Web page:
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SNAP Program – USDA Seeks Comments Deadline April 9th

Posted on the 08 April, 2018 at 5:46 pm Written by in News


SNAP Program – USDA Seeks Comments
Deadline April 9th

The Supplemental Nutrition Assistance Program (SNAP) was designed to reduce food insecurity leading to enhanced nutrition and health outcomes for some our Nation’s most vulnerable populations – low income/low wage families and individuals.  

Through this successful government program, individuals and families from across New England have benefited from improved access to necessary nutrition.  SNAP has long been described as the “cornerstone of the nation’s nutrition safety net” and our rural communities are one of the biggest sectors of Americans that can be hurt by adverse changes to the SNAP program.  The Food Action and Research Center recently reported that, “Households in rural areas and small towns continue to be more likely to receive assistance from the Supplemental Nutrition Assistance Program (SNAP) than their metro area counterparts, according to the Food Research & Action Center’s (FRAC) updated analysis of the most recent U.S. Census Bureau data on SNAP participation. SNAP Maps, FRAC’s interactive data tool, shows that, on average, from 2012–2016, 15.8 percent of rural households and 15.3 percent of households in small towns nationwide participated in SNAP, compared to 12.6 percent of households in metro areas across the country.”   

As we strive to improve the health and well-being of rural communities in New England we must protect the SNAP program.  The Center for Budget Policy Priorities is spearheading an outreach campaign to do exactly that. We encourage you to join us in collaborating with them.

Over the next couple of months we anticipate several opportunities to guide related Federal legislation.  Today, we have an opportunity to help protect the SNAP program by providing our responses to the USDA’s request for input.   

The USDA has requested public comments on whether it should reconsider certain rules that govern SNAP’s 3-month time-limit on childless adults.  Under federal law, SNAP imposes a 3-month time-limit on most childless unemployed and underemployed adults unless they are working 20 hours a week.  Like many others, childless adults often turn to SNAP for assistance when they are no longer able to make ends meets, especially as jobs are lost, hours are cut, or wages hover at the federal minimum.   The group impacted by this rule is extremely poor and often not eligible for other help while unemployed.  You can learn more about them here.

While most of the time-limit rule described above is set in federal law, the USDA did establish some  important state flexibilities. For example, states can temporarily waive the time limit in areas with elevated unemployment.  Currently the rules are very clear which areas qualify for waivers and states have a straightforward and transparent process by which they demonstrate the areas of the state that qualify for temporary waivers.  It appears that the USDA wants to reconsider this process and to make it harder for states to get waivers from the time limit for areas with elevated unemployment. Every state in New England has used waivers at some point since the time limit was enacted in 1996.  We all have a stake in keeping this option available to states.  More information about waivers and their impact can be found here.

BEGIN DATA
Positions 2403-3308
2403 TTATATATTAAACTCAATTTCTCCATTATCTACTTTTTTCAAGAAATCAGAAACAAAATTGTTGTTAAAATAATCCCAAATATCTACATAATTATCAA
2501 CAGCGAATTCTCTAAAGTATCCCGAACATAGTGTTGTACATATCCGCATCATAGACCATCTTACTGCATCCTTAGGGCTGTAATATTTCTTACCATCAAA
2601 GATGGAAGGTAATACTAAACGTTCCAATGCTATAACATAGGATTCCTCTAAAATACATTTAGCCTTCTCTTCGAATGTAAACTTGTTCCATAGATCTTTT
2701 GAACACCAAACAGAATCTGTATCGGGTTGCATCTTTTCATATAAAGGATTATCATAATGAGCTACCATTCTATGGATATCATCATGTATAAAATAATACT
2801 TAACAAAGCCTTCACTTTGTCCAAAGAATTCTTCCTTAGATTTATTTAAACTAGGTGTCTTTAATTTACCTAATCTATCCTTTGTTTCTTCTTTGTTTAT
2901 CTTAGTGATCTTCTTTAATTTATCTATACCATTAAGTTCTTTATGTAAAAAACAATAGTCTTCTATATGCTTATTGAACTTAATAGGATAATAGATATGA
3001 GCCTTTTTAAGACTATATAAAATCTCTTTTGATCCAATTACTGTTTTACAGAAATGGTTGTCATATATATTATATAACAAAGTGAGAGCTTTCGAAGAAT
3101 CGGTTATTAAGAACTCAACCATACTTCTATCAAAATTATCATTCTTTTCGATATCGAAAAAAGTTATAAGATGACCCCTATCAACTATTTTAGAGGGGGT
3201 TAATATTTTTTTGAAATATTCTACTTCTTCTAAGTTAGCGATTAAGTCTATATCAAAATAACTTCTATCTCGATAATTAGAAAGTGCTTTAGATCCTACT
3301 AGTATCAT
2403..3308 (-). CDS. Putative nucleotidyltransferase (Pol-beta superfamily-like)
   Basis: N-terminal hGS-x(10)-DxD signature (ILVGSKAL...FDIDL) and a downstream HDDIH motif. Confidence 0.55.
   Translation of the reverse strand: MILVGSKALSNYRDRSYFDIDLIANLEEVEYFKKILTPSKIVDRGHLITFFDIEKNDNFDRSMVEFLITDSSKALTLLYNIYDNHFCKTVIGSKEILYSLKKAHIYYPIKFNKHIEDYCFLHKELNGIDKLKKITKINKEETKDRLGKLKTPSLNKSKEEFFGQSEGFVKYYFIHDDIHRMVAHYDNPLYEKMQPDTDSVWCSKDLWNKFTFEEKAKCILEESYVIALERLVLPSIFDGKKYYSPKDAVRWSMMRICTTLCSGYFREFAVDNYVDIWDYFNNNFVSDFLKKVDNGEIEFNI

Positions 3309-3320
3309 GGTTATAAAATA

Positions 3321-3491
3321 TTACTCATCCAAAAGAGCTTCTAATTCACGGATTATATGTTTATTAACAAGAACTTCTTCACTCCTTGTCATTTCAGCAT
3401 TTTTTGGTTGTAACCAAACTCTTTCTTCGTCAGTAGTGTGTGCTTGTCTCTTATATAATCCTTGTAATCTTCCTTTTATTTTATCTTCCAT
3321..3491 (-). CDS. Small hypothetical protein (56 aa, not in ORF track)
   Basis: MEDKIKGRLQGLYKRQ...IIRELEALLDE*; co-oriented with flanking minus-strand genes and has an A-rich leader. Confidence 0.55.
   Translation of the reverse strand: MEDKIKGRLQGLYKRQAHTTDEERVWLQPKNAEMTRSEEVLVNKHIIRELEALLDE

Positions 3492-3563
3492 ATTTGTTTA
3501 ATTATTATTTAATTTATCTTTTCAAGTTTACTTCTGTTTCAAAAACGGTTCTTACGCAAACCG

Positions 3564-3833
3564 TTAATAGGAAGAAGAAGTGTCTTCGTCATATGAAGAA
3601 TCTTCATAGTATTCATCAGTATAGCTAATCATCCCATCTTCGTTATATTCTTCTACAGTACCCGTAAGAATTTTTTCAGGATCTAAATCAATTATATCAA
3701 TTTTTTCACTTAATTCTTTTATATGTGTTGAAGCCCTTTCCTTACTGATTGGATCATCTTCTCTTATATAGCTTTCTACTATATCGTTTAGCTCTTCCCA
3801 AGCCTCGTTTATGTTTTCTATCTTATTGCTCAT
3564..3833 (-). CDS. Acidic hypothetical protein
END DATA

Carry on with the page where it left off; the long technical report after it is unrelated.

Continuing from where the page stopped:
Before embarking on rewriting the regulation, USDA is asking the public to tell them if reworking these rules is a good idea.  We agree with the Center for Budget and Policy Priorities that we need to generate lots of comments that make clear any changes that would expose more people to the harsh 3-month time-limit would be harmful, increase food insecurity, and are unwelcome.  Believe it or not, over 300 comments have already been submitted as of March 13 and many were supportive of making the time-limit rule harsher.

The RoundTable will be submitting comments and we encourage you to do so as well through the channels below by Monday April 9.

Here’s how to take action:

1. Your organization can submit comments.  The Center for Budget Policy Priorities developed a template for organizations that can be easily customized to share your organization’s unique perspective.  Download template here.

2. You can ask your grassroots networks to generate comments. In addition to the organizational template above, Feeding America has also created a template that’s more appropriate to individuals. Please use and share their template and online tool.   It’s a terrific simple message that may work for a broader audience.

3. You can encourage other organizations in your communities to submit comments and ask their networks to join our voice as well.

Email: [email protected] • Telephone 603-630-2210
Submitted by Karen Lafayette